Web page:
Miscellaneous Aspects and Concluding Remarks

The performance of the G-DRIVE SSD and ArmorLock SSD in various real-world access traces as well as synthetic workloads was brought out in the preceding sections. We also looked at the performance consistency for these cases. Power users may also be interested in performance consistency under worst-case conditions, as well as drive power consumption. The latter is also important when used with battery powered devices such as notebooks and smartphones. Pricing is also an important aspect. We analyze each of these in detail below.

Worst-Case Performance Consistency

Flash-based storage devices tend to slow down in unpredictable ways when subject to a large number of small-sized random writes. Many benchmarks use that scheme to pre-condition devices prior to the actual testing in order to get a worst-case representative number. Fortunately, such workloads are uncommon for direct-attached storage devices, where workloads are largely sequential in nature. Use of SLC caching as well as firmware caps to prevent overheating may cause drop in write speeds when a flash-based DAS device is subject to sustained sequential writes.

Our Sequential Writes Performance Consistency Test configures the device as a raw physical disk (after deleting configured volumes). A fio workload is set up to write sequential data to the raw drive with a block size of 128K and iodepth of 32 to cover 90% of the drive capacity. The internal temperature is recorded (when supported by the drive) at either end of the workload, while the instantaneous write data rate and cumulative total write data amount are recorded at 1-second intervals.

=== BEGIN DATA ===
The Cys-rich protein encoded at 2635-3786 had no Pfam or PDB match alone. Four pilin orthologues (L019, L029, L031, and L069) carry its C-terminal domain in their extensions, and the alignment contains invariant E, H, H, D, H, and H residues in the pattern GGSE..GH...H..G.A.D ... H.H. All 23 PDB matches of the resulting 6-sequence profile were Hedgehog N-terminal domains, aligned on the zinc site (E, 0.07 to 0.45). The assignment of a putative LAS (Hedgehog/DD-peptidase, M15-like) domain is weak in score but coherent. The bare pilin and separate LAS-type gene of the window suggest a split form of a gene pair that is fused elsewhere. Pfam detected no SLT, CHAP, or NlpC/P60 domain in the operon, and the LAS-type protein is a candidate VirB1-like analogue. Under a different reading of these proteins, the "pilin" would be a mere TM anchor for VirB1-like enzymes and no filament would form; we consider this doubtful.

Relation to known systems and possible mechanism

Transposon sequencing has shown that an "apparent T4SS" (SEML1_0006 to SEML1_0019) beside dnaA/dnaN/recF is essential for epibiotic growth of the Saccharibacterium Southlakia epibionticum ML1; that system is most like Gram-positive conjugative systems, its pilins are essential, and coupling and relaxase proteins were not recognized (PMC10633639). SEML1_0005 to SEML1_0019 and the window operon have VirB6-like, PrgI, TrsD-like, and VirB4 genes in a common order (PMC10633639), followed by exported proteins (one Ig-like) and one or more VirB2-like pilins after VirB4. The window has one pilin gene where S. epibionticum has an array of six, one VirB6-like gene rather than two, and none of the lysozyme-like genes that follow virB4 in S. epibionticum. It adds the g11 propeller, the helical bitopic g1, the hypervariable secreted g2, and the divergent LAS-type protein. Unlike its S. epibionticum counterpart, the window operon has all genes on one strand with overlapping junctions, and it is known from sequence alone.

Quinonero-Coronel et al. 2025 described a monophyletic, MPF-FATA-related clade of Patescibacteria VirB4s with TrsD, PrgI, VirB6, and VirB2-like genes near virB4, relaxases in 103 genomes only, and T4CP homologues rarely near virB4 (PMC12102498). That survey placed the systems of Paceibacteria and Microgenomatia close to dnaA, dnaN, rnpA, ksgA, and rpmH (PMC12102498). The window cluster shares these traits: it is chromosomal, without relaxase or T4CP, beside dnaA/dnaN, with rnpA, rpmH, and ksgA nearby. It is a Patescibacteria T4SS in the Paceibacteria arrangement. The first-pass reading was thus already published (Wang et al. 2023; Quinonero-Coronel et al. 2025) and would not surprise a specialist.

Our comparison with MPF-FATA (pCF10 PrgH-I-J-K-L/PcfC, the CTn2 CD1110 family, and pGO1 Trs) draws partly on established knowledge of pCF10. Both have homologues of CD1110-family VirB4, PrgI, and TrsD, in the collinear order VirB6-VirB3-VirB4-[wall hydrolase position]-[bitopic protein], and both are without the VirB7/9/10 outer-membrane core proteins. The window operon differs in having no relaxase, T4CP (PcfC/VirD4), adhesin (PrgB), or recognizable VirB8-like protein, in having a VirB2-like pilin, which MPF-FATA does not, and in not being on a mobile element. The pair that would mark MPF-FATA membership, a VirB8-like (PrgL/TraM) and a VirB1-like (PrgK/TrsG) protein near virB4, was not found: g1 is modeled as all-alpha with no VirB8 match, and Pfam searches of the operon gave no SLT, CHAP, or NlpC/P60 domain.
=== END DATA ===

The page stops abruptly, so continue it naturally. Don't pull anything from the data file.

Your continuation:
Sequential Writes to 90% Capacity - Performance Consistency

Both drives start off around 1000 MBps in this workload, but move lower after running out of SLC cache. For the G-DRIVE SSD, this is after 30 seconds approximately (pointing to a SLC cache of around 29GB). In the ArmorLock case, the SLC cache sustains for around 5 additional seconds, with a SLC cache of around 35GB. The direct-to-TLC write numbers are around 875 MBps for the ArmorLock SSD and 690 MBps for the G-DRIVE SSD.

Power Consumption

Bus-powered devices can configure themselves to operate within the power delivery constraints of the host port. While Thunderbolt ports are guaranteed to supply up to 15W for client devices, USB 2.0 ports are guaranteed to deliver only 2.5W (500mA @ 5V). In this context, it is interesting to have a fine-grained look at the power consumption profile of the various external drives. Using the Plugable USBC-TKEY, the bus power consumption of the drives was tracked while processing the CrystalDiskMark workloads (separated by 5s intervals). The graphs below plot the instantaneous bus power consumption against time, while singling out the maximum and minimum power consumption numbers.

CrystalDiskMark Workloads - Power Consumption

The addition of a Bluetooth radio and a DRAM-enabled internal SSD make the ArmorLock SSD consume between 2.5W and 6.43W during the active period. In contrast, the G-DRIVE SSD lands between 2.25W and 5.17W. The ArmorLock also never went to a low-power mode in our test, with the minimum power number clocking in at 1.71W. On the other hand, the G-DRIVE SSD exited active power state (2.25W) to end up at 0.43W after around 20 minutes of idling.


The re-branding of G-Technology products with SanDisk Professional has created interesting pricing scenarios with some G-Technology SKUs still present in the retail channel. The SanDisk Professional G-DRIVE ArmorLock SSD is available in three capacities - 1TB ($200), 2TB ($400), and 4TB ($700). The G-Technology ArmorLock NVMe SSD (the same hardware as the SanDisk Professional version, with different packaging) is available only in one capacity - 2TB. At $350, one can save $50 for the same feature set.